Simon Bacon, SAP operations manager at QD Stores, will present the company’s engagement with the supplier’s ERP at this week’s SAP UK and Ireland User Group conference in Birmingham.
Bacon started out at the family-owned company 18 years ago as a store manager and now teaches store managers how to get the most out of SAP.
The discount store chain was established in Norwich in 1984 – QD stands for quality discounts. The business now has 47 stores in East Anglia, and shops in Wrexham and Doncaster. As well as QD, the company has three other brands – Cherry Lane Garden Centres, Norfolk Broads discount store Lathams, and Suffolk-based discount chain Thingmebobs.
In 2011, the firm’s growth had reached a point where it needed a full-blown ERP system, says Bacon. “We needed to improve efficiency, stock availability, and to have detailed and stable supply-chain information from procurement to distribution and sales,” he says. “And we needed something to keep ahead of our competitors in a very tough industry.
“But we are a simple business at heart, and though we have all that great data with SAP, we have complex screens, GUI [graphical user interface] transactions that are meaningless to most users, and that led to poor user adoption. I recently did a presentation to 50 store managers and only two said they liked SAP.”
QD chose SAP ECC 6.0 in 2011 and, like many other SAP customers, now face the prospect of moving to S/4 Hana, the supplier’s most recent ERP, based on its in-memory columnar database, Hana.
In 2016, Bacon and his colleagues were thinking about the next stage in the company’s development with SAP. “But we were unclear about the value of S/4 to us at that time,” he says.
“We needed something to keep ahead of our competitors in a very tough industry’
Simon Bacon, QD Stores
Instead, they looked at automating more of their existing ERP, and sprucing up the interface so that users – such as millennial users, including store managers, who have grown up with apps on their smartphones – would get more out of it.
“We spent a year getting into [SAP] Fiori and design thinking [an approach to development that SAP makes use of],” says Bacon.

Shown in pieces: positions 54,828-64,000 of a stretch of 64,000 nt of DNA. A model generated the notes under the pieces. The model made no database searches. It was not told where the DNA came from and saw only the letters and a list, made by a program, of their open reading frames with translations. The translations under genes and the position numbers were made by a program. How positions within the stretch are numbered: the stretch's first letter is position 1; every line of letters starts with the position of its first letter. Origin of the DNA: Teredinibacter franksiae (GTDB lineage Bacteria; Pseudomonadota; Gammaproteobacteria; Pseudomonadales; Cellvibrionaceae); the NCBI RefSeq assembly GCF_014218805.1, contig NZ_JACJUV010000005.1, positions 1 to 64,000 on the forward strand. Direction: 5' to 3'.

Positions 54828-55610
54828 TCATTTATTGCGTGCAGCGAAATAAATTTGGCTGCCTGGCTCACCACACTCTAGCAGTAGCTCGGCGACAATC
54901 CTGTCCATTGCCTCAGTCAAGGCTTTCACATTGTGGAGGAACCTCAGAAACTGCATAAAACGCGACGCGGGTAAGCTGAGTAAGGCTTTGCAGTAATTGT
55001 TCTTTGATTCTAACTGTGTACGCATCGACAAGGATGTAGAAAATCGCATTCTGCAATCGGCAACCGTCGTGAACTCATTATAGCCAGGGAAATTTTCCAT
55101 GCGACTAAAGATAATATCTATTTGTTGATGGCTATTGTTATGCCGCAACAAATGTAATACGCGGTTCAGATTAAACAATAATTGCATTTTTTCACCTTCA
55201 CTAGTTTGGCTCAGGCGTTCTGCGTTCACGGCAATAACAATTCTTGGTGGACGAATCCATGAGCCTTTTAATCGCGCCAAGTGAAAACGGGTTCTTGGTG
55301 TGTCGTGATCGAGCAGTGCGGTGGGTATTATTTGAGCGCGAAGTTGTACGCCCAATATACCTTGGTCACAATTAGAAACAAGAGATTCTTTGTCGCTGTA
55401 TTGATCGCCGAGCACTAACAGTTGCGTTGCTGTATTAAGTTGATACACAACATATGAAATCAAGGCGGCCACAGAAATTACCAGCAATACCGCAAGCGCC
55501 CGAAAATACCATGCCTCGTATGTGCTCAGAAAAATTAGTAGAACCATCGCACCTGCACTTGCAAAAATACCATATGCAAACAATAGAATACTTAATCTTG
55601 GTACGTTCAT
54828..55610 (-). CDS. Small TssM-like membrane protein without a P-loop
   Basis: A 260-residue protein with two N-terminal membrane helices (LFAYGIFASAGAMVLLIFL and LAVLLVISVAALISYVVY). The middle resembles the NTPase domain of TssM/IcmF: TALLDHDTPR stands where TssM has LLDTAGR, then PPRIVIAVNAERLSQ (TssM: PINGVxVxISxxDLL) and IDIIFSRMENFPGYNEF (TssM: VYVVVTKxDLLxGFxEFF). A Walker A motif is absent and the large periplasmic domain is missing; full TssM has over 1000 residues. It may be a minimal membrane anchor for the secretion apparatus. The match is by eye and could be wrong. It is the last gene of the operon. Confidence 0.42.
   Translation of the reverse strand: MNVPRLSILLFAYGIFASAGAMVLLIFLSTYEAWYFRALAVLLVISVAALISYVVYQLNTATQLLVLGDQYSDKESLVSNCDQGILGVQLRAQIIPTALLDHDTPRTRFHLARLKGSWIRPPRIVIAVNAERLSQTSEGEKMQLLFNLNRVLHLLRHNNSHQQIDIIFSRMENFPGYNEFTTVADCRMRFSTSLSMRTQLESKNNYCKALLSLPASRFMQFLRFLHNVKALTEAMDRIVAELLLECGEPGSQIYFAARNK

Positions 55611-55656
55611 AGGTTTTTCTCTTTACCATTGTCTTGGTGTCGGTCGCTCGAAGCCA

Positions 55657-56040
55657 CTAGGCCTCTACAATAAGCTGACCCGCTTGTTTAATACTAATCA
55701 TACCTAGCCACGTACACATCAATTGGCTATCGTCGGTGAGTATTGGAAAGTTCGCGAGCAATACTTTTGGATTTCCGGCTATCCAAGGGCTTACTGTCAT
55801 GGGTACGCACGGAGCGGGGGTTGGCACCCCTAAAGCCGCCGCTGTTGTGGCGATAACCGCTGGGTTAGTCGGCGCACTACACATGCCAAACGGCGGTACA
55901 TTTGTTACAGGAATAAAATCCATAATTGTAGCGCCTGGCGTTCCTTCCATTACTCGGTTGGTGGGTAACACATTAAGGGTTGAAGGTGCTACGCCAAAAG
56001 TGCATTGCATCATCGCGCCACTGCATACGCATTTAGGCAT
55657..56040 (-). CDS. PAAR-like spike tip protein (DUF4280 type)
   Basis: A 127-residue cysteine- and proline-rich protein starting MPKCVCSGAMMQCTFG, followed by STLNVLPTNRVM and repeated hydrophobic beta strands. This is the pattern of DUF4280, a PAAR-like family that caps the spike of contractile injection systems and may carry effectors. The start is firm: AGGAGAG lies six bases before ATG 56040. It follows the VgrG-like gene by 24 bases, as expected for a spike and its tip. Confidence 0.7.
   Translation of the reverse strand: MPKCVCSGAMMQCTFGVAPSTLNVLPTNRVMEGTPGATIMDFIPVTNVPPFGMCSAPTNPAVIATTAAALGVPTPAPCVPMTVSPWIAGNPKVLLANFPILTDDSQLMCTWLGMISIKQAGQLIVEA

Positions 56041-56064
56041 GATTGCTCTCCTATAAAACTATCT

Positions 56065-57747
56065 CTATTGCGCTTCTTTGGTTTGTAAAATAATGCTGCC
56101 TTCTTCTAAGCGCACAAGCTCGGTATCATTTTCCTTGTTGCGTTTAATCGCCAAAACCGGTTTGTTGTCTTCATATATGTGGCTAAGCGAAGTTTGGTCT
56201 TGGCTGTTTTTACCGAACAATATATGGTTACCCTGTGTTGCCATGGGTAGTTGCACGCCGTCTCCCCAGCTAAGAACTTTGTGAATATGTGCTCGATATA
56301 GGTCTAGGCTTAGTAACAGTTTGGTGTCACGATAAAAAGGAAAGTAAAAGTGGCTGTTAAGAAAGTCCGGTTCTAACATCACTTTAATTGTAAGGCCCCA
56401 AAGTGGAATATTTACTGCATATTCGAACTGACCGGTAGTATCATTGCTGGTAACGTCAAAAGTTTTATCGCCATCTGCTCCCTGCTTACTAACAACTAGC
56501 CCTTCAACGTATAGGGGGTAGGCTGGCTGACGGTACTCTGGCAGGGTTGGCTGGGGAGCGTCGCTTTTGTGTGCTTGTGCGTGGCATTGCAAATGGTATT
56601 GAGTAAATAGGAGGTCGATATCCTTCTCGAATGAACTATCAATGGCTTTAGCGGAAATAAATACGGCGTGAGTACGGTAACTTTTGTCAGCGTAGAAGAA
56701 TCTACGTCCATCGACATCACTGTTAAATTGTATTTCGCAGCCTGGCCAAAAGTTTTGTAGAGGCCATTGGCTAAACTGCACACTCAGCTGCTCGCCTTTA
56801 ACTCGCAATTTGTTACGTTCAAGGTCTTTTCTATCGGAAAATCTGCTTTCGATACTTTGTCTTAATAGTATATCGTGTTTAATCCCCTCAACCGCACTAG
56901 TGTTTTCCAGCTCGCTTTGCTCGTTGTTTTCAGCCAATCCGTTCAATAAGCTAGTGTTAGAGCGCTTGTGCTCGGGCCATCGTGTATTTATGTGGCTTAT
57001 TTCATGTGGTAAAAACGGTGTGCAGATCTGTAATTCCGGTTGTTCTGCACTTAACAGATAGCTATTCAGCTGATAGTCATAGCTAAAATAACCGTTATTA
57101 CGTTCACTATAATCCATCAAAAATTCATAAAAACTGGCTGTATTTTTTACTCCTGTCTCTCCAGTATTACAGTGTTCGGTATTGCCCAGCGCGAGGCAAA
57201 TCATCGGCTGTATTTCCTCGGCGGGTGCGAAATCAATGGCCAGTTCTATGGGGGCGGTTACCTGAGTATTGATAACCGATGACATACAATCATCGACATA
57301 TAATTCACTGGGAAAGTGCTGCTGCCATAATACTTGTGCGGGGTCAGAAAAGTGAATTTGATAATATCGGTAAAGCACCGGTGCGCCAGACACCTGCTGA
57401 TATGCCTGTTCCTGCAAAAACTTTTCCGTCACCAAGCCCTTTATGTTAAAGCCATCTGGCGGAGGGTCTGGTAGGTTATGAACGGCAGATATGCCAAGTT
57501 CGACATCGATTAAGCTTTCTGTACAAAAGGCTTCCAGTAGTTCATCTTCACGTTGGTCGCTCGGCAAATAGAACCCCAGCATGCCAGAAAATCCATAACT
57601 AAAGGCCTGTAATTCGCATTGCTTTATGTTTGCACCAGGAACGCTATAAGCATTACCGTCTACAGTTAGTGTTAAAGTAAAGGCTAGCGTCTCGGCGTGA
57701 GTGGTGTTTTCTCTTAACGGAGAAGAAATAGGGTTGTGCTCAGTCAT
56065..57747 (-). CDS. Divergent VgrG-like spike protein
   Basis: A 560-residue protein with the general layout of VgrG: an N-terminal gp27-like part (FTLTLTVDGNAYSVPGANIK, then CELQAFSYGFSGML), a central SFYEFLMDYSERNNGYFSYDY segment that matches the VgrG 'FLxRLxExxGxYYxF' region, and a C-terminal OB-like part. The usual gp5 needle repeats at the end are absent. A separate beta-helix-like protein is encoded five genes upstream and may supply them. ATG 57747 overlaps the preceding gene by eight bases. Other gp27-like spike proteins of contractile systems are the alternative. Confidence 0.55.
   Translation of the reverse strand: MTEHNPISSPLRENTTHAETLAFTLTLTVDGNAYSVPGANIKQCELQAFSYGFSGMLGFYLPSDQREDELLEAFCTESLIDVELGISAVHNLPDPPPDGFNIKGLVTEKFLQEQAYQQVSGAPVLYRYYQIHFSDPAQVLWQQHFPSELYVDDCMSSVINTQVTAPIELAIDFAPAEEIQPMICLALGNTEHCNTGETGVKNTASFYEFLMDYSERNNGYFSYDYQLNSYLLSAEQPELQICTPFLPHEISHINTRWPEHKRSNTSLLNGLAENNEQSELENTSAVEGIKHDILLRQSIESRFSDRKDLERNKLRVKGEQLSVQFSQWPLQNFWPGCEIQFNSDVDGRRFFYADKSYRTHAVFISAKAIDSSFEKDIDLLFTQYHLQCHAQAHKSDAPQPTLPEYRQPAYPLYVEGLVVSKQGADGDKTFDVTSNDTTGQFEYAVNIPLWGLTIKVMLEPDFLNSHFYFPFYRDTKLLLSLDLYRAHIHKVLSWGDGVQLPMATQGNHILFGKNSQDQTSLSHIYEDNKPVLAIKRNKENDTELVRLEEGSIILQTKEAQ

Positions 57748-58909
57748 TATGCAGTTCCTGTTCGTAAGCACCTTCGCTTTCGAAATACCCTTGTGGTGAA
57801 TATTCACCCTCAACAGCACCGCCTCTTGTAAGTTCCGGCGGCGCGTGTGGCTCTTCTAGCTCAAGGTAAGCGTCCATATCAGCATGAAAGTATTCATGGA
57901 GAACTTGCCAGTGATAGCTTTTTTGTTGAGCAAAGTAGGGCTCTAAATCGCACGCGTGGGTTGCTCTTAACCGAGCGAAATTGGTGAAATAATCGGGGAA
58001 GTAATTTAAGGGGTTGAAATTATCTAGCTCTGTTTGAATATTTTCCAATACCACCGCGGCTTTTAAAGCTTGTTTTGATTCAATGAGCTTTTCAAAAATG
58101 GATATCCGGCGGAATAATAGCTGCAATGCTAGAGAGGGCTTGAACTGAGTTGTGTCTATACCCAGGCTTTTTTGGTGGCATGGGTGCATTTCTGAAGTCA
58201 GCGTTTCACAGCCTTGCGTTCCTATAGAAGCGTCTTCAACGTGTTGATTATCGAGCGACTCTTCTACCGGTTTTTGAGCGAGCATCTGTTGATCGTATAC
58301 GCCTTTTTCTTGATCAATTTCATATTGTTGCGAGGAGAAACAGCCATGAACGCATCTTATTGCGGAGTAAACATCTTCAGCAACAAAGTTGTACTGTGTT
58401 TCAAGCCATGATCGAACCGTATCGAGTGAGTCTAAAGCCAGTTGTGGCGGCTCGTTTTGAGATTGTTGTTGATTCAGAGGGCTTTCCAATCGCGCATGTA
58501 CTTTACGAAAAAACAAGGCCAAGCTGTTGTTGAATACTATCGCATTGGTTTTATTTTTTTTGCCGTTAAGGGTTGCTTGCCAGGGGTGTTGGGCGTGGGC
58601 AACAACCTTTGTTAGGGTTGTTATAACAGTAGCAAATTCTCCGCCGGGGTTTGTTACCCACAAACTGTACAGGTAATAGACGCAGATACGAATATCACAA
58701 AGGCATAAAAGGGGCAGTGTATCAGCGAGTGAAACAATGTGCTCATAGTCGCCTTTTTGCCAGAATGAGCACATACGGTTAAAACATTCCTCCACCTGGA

Bacon’s core team comprises himself and a colleague. They discovered how SAP Screen Personas could simplify the user interfaces for their users and automate tasks, such as those within the management of the stores’ supply chains.
Screen Personas is the name SAP gives to software that enables users with little or no technical knowledge to customise screens to display only the icons, fields and information that specific populations of users need to perform their data entry or reporting.
The team presented its proposals for using Screen Personas and SAP Fiori Launchpad to the QD Stores board eight months ago, and then contacted SAP specialist consultancy Eden House for help with the implementation.
“But it is with the design thinking workshops that the fun starts,” says Bacon, “getting users from the stores involved. The design principles in Fiori are very user-centric. We ran a two-day design thinking workshop, with the SAP User Group, that came up with a prototype [to improve the receipt of goods to be sold in the stores].
“We have digitised that into an app, and we will iterate on that until we get it right. And then will take that to Eden House. It’s early days with the design thinking methodology for us – it’s the first workshop we’ve even run.”
The team now has a set of “high-fidelity prototypes”, says Bacon, that they have designed with SAP Build, a set of low-code tools that enables the creation of such prototypes on the Fiori platform, and whose aim is to increase user adoption. And with low development costs, he says, because they can iterate, with user input, until they are happy to go to their implementation partner.
QD has one application running in a live environment, connecting the Fiori Launchpad to the ERP back-end system, says Bacon.
“It is a tile-based interface,” he says. “The concept is, you should not need a training manual to do a job. We have shown how you can get more from ECC6 using Fiori and Personas, and it’s a potential bridge to S/4 Hana, too.
“The fact that S/4 runs on the super-fast Hana [database], connecting to Leonardo [the name SAP gives to its ‘toolbox’ of internet of things, machine learning and blockchain technologies] and machine learning is attractive to us because of the predictive capability.
“At a more micro level, there are limitations with Fiori when you are on ECC6, you can have more [capability] with Hana.”